DUBLIN (Reuters) - Ireland’s two largest political parties have agreed to meet early next week for talks on how one might support the other to form a minority government and avoid a second general election.
The smaller of the two, Fianna Fail, on Thursday rejected an offer from the Fine Gael party of acting prime minister Enda Kenny for a grand coalition between the historical center-right rivals.
That leaves a minority government, in which one party abstains in key parliamentary votes to allow the other party to govern, as the only realistic way to avoid a repeat of the Feb. 26 general election.
But both sides say the details of any such agreement would be crucial in determining its viability.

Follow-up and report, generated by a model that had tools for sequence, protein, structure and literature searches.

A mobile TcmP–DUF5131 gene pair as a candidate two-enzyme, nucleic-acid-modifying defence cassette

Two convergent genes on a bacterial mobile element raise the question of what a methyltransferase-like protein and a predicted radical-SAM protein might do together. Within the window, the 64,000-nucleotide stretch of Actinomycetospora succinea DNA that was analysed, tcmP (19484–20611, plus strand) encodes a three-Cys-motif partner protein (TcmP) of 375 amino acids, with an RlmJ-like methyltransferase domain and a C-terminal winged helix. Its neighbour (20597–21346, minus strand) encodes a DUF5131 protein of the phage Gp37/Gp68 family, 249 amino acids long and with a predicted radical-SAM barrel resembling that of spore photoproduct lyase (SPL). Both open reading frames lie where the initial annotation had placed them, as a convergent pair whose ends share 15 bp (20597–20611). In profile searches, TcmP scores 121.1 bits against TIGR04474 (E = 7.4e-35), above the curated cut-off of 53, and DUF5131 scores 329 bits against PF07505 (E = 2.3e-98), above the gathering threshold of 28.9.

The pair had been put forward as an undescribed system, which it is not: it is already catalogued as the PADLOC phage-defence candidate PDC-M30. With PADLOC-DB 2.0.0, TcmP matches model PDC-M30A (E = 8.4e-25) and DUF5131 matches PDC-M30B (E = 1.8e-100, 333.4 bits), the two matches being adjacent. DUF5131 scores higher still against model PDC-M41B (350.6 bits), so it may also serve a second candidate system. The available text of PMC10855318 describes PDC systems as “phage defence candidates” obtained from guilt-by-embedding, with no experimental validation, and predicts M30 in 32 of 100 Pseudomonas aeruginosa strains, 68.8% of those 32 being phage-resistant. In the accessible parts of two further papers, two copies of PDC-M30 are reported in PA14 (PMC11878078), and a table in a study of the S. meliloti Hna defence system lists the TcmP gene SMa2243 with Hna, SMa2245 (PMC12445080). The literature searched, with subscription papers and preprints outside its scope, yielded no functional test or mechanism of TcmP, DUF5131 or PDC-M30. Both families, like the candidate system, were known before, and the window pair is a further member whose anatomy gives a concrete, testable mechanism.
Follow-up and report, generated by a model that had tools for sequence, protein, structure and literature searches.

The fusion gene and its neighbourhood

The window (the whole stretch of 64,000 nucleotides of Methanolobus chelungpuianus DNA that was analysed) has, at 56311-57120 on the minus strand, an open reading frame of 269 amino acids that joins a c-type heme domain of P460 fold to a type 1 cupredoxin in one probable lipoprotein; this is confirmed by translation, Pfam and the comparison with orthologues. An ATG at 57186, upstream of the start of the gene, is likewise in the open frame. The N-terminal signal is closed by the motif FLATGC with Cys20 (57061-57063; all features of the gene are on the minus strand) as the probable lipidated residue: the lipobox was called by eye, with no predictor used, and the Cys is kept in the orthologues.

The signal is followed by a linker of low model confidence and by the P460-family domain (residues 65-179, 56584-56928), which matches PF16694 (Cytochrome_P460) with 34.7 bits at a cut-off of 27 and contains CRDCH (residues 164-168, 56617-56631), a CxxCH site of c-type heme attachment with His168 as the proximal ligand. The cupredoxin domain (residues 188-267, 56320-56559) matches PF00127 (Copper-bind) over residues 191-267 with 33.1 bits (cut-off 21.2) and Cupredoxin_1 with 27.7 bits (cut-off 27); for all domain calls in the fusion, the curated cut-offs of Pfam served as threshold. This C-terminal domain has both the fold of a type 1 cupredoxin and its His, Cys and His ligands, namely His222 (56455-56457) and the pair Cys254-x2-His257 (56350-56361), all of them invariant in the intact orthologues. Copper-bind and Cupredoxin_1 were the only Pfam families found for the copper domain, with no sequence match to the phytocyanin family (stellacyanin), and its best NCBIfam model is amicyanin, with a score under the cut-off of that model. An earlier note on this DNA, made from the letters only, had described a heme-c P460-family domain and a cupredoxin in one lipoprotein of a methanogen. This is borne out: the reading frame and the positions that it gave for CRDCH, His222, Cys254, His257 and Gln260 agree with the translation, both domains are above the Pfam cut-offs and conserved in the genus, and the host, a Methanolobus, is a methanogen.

The two parties on Saturday published a statement saying the talks would “discuss how a viable minority government would work.”
Parliament is due to sit on Thursday to attempt for the third time to elect a new prime minister.
Kenny’s Fine Gael would be the heavy favorite to lead a minority government as it has 50 seats to Fianna Fail’s 43 in the 158-seat chamber. But both would need the support of independent deputies and Fianna Fail could theoretically edge ahead if it secures enough of them.
Reporting by Conor Humphries; Editing by Toby Chopra